Nebeker:

Probably close to it. Let me get this.

Schreiber:

They developed a controller for color printers, and color printers have now become ubiquitous. They aimed initially at very expensive color printers, like the Canon color copier, but I think they now have systems for rather inexpensive ones as well. For a while they had pretty much cornered the world market. I calculated at one point that if their success continued they were limited to a total sales of about $5 billion a year, and many people would not regard that as much of a limitation.

I told you earlier about my business associate who just wanted a $100,000 ranch and quit when he had reached his objective. Well, my goals were a little bit higher than that, but I did meet them as a result of my work in color and in scanners. I can also take satisfaction in the fact that my work has had a substantial effect on the practice of color printing. Although I am still doing some work in the field, I’m beginning to lose interest in that entire area. I was at it for many years and I’m now much more interested in economics and social policy. That’s what I spend my time on. I really want to be a columnist, but I don’t have anyone yet who would publish my columns on a regular basis. I have had quite a few letters to the editor published in good newspapers, but not as many as I would have liked.

Image processing as a discipline

Nebeker:

There was a comment you made yesterday that I wanted to ask you about. You said that image processing wasn’t a science but an application.

Schreiber:

Right. I still believe that.

Nebeker:

Would you expand on that?

Schreiber:

Well, it’s not a branch of mathematics. I don’t think it’s even a branch of computer science. I don’t think there is such a thing as computer science and I don’t think there is such a thing as artificial intelligence. They are also applications. Image processing has become important because many users want their images processed and because that processing is done today on computers.

Nebeker:

Right, but when there is a large body of techniques, doesn’t that count as a science or a discipline?

Schreiber:

It’s a discipline certainly. A technology certainly. To science I give a somewhat more glorified definition.

Nebeker:

A more coherent theory.

Schreiber:

In a true science, as distinguished from a field of technology or a collection of methods, there has to be a relatively small number of principles that you can talk about, and I don’t think there is a small number of principles that you can talk about in image processing. That doesn’t make it less respectable. This is a reversal of the views I held when I was much younger. When I went back to school after working at Sylvania I wanted to be a scientist. I said I’ll be a physicist. I was wrong. That is not my forte. I’m an engineer. I like to design processes and products that work and do something useful, and that incorporate some science in them, thereby being better products. They do things better or they’re cheaper and more convenient, or more socially useful. I think that is highly respectable. One of the things I hold against MIT and similar places is that for many years developing practical products and processes wasn’t considered respectable. As I put it on a couple of occasions, if you’re in any high-class technical university in the United States -- when I came to MIT it was the only one, but now there are a dozen that are just as good and almost as prestigious -- if you spend your time teaching your students how to build things, pretty soon you will have to look for a job elsewhere. If you want respect and tenure at today’s technical universities, what you want to do is write papers, and the more theoretical the better. This approach, of course, has been taken in image processing, and most of the work so produced is totally worthless.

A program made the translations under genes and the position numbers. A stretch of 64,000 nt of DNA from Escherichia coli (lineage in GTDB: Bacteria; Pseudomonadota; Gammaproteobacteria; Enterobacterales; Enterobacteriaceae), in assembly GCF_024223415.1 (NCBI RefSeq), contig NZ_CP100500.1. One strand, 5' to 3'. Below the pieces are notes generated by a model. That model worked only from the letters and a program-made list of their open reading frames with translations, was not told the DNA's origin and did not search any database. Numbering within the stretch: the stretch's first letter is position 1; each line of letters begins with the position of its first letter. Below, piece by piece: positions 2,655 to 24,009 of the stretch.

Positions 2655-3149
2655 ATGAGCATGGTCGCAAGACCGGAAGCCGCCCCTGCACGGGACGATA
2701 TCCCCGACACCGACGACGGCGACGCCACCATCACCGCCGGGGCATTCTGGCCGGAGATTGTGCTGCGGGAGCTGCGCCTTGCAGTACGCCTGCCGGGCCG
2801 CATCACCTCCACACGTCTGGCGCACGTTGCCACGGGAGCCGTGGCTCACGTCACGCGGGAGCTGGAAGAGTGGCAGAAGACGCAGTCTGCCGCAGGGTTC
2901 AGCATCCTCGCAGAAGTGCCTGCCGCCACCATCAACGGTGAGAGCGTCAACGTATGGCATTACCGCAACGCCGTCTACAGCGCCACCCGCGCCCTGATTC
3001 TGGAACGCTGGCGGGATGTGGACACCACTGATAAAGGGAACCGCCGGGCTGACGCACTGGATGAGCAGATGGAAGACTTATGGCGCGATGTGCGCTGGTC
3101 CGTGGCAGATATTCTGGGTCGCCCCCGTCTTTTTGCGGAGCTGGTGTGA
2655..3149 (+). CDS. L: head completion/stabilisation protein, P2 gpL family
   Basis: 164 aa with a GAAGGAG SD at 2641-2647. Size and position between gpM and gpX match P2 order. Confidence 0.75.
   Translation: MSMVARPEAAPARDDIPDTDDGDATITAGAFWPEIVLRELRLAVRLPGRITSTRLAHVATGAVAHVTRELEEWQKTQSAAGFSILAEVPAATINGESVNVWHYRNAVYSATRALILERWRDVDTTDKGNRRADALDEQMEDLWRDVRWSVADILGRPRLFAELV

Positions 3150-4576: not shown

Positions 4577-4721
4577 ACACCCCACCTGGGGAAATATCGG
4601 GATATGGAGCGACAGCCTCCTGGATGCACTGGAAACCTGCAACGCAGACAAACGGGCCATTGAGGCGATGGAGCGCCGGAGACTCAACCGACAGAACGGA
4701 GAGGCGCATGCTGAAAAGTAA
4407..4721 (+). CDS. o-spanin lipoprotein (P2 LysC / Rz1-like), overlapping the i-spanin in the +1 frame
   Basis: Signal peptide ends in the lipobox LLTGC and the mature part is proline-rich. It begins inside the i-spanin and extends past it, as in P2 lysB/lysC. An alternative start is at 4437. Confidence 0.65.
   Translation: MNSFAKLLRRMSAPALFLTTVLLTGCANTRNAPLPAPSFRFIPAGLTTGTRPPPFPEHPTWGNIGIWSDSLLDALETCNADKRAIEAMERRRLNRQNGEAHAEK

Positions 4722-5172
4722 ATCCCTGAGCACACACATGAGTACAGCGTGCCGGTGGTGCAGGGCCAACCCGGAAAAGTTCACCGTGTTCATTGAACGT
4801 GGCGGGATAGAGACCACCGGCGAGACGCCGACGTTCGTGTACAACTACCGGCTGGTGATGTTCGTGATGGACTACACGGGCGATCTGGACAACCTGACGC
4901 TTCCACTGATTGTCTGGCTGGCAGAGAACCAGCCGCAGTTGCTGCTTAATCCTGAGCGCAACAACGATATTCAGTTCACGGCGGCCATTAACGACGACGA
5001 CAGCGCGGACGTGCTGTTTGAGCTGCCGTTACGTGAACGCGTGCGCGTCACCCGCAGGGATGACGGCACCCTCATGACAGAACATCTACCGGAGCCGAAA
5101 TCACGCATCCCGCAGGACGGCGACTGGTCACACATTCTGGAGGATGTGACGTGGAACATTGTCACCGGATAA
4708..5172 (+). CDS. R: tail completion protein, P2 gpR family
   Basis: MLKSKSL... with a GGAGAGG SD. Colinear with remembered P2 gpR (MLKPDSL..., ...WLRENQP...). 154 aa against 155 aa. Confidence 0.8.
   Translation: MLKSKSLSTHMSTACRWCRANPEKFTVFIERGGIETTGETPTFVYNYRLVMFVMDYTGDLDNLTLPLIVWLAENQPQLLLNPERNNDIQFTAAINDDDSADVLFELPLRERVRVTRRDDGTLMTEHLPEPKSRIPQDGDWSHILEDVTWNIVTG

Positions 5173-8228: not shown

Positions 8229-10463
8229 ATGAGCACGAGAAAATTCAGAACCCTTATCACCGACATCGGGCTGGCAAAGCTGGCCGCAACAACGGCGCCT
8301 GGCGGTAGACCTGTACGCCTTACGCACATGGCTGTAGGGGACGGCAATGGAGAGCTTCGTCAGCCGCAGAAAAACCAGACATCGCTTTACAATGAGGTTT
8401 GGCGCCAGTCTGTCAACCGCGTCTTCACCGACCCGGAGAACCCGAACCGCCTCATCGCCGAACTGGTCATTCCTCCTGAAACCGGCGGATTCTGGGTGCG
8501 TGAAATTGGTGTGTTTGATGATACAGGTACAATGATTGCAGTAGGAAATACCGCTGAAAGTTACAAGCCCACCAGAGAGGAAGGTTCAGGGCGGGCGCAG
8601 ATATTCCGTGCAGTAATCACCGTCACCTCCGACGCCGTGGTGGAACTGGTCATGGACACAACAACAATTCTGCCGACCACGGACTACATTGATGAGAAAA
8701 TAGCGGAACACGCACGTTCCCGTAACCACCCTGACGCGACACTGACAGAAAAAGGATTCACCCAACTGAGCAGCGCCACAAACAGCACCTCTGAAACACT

Academic vs. industrial engineering

Nebeker:

That is a point I wanted to ask you about, whether there is this danger that so much academic work is so divorced from the applications today that it isn’t very valuable?

Schreiber:

I think that is a real problem. As I say, that is one reason why the quality of engineering in the United States is not as high as it ought to be.

Nebeker:

Is that because the most talented people are being attracted to academia where they do these more theoretical things?

Schreiber:

Yes. We still get the very brightest students at MIT. For a long time the students who came to MIT were highly motivated toward engineering. They had been building things in high school, or as hobbies. That’s less true now because the bright kids spend all their time in front of a keyboard. I think that is a serious danger. I remember when the American automobile industry was getting into so much trouble with the Japanese. You’re not quite as old as I am, but you must know that Japanese cars were perceived by American buyers as more reliable, which they were. The reason is that the people who design cars in Japan are the best graduates of the best schools. Sony was one of my sponsors for a while, so I got to know a lot of Sony people. I once went through a Sony plant, and it was very educational for me. At that time, Sony was hiring new grads from Tokyo University, which is in a class by itself, or any of the second-rank schools that are also very good. Those students have nowhere near as good a graduate education as they would get in an American school, but they are nevertheless the top students. Sony puts them on the assembly line. They spend a couple of years where they really learn how things are made before they start designing anything on their own. That is an absolutely invaluable experience. We don’t do that.